America’s Long Journey: Pinckney’s Treaty

Pinckney’s Treaty

Sometimes a bad treaty can pave the way for a good treaty. That seems to be what happened when Pinckney’s Treaty with Spain got an assist from news of Jay’s Treaty with England.

Before the French revolution changed everything, Spanish policy was to restrict American trade and settlement as best it could. But by 1794, Spanish forces had experienced defeats both in the Caribbean and in Europe. The Spanish prime minister, Manuel de Godoy, wanted to restore peace with France, which meant extricating Spain from its alliance with Great Britain, but this risked antagonizing the British, which would put Spanish colonies in the Americas at the mercy of the Royal Navy.

When Godoy learned that John Jay was in London to negotiate a treaty, he worried about an Anglo-American alliance. That had to be prevented if possible. He requested that the United States send someone to negotiate a treaty. President Washington selected Thomas Pinckney, former governor of South Carolina, who had been serving as United States minister to Great Britain since 1792.

There were three major issues to be addressed: the Florida boundary, the right of deposit in the city of New Orleans (that is, free use of the port by American settlers using the Mississippi) and – on the Spanish side – the question of an alliance.

Pinckney arrived in Spain in June of 1795, and made swift progress. Godoy offered the right to free navigation of the Mississippi, and acceptance of the 31st parallel as the Florida border, in return for an American alliance with Spain. Pinckney said, no alliance. Godoy came back with the same offer without the alliance, but with Spanish insistence on the right to require duties for goods passing through New Orleans. Pinckney threatened to leave. The next day, Godoy agreed to Pinckney’s demands. The final treaty also voided Spanish guarantees of military support to Indians in the disputed regions, which of course greatly weakening their ability to resist encroachment.

The Treaty of San Lorenzo, also known as the Treaty of Madrid, was signed in October, 1795, ratified by the Senate in March, 1796 and came into effect in August. Its official title is the Treaty of Friendship, Limits, and Navigation Between Spain and the United States. Whether it established a friendship is debatable, but it did give the United States a definite southern boundary to the south, and it did guarantee the right to navigate the Mississippi.

It is forgotten today, but Florida was not always in the hands of the Spanish. The end of the French and Indian War, in 1763, had caused major territorial shakeups. France had ceded what we know as the Louisiana Purchase territory to Spain, and Louisiana east of the Mississippi, except the city of New Orleans, to Great Britain. At the same time, Spain had ceded Spanish Florida to Great Britain. Thus, for 20 years, from 1763 to 1783, Britain ruled Florida, dividing it along the Apalachicola River for administrative convenience into West Florida, governed from Pensacola, and East Florida, governed from St. Augustine. During the Revolutionary War, Spain, as France’s ally, had captured Pensacola. In the Treaty of Paris that ended the war, the Floridas went from British to Spanish ownership.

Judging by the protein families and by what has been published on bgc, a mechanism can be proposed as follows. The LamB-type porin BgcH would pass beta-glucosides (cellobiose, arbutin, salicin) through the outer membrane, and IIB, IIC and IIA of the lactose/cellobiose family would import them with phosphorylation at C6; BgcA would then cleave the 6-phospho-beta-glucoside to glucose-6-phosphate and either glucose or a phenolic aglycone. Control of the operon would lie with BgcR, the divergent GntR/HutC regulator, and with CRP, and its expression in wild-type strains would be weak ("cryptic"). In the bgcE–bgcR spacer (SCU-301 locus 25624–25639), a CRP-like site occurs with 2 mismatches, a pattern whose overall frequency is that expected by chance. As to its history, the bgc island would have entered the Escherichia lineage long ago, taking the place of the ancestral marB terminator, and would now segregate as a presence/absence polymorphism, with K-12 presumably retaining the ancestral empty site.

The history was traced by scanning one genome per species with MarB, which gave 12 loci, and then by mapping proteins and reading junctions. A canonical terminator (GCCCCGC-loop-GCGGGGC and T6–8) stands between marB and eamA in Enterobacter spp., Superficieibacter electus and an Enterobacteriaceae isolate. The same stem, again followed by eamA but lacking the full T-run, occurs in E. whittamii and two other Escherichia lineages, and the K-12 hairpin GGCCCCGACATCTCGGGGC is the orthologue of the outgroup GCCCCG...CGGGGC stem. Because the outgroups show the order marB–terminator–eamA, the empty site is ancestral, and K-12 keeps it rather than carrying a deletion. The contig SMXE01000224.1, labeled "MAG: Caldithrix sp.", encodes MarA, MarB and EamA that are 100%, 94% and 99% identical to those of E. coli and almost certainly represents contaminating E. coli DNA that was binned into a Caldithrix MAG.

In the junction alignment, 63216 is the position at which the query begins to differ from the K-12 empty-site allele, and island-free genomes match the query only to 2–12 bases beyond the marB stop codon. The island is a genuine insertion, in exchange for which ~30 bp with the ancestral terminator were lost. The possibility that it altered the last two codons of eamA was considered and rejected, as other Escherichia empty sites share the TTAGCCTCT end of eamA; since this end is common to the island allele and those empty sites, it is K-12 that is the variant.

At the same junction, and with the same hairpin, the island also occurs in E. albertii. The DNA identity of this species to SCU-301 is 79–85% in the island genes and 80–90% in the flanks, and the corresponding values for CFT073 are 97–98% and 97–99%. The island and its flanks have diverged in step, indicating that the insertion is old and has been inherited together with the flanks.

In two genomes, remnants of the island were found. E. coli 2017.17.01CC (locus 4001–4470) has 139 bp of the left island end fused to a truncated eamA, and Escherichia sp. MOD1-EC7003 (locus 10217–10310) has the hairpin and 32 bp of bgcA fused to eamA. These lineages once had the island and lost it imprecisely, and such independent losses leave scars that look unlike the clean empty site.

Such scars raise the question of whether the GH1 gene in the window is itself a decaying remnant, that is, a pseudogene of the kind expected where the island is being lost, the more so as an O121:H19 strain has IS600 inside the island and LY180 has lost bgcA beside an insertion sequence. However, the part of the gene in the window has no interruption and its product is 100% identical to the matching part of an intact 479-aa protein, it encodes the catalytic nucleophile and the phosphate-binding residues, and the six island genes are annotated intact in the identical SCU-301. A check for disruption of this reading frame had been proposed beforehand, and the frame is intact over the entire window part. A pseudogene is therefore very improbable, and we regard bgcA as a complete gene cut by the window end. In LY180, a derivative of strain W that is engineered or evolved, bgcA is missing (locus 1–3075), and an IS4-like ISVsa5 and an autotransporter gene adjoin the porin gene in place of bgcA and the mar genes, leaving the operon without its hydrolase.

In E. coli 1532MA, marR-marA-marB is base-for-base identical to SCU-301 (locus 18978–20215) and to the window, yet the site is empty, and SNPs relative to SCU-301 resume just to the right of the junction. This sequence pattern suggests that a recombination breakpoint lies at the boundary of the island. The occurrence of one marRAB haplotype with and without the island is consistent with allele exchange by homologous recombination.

But what good were they to Spain? Spain’s colonizing days were over. It sent a garrison for the new territory, but no settlers. As with Texas, as with the vast Louisiana territory, as with much of what became the American southwest, there were no settlers nor any plans for settlers. There were only lines on a map, and soldiers serving to garrison a useless territory. Useless, and potentially dangerous, because the boundary lines with the United States were in dispute. During the years of British possession, they had moved the boundary north, claiming a border at the latitude of present-day Vicksburg, and Spain claimed that the British border applied. The United States insisted on the old boundary at the 31st parallel.

The treaty accepted the American claim, and Florida receded as an issue. (This wasn’t quite the end of boundary controversies, however. In October, 1800, in a secret treaty, Spain transferred Louisiana and part of West Florida back to France. When France sold Louisiana in 1803, a new dispute arose over which parts of West Florida Spain had ceded to France, and therefore which parts of West Florida belonged to whom. Ultimately this would be sorted out by Andrew Jackson.)

As to the Mississippi, again good sense prevailed over theoretical discussions of sovereignty. The fact of the matter was that there were already more than 100,000 Americans in Ohio, Kentucky and Tennessee, and they needed access to New Orleans as a port of deposit. They didn’t need it to be American territory, necessarily, but they did need to know that they could ship their produce down the river and get it transshipped to foreign markets. A few years earlier, in 1784, the Spanish had closed New Orleans to American goods coming down the river. There was just no way the Americans were going to live with that uncertainty. The treaty guaranteed navigation rights to both countries for the entire length of the river.

Now the border was settled, the two countries had a trade agreement, and the city of New Orleans was reopened to American goods. Those were important gains, and they came about because of the confluence of an able ambassador, a venal but gifted Spanish minister (Don Manuel de Godoy, the queen’s lover), and the implied threat of closer U.S.-British relations as reflected in Jay’s Treaty, which we will discuss soon. As one result of Pinckney’s diplomatic success, the Federalists ran him with John Adams in 1796, with unexpected results that we have already seen.


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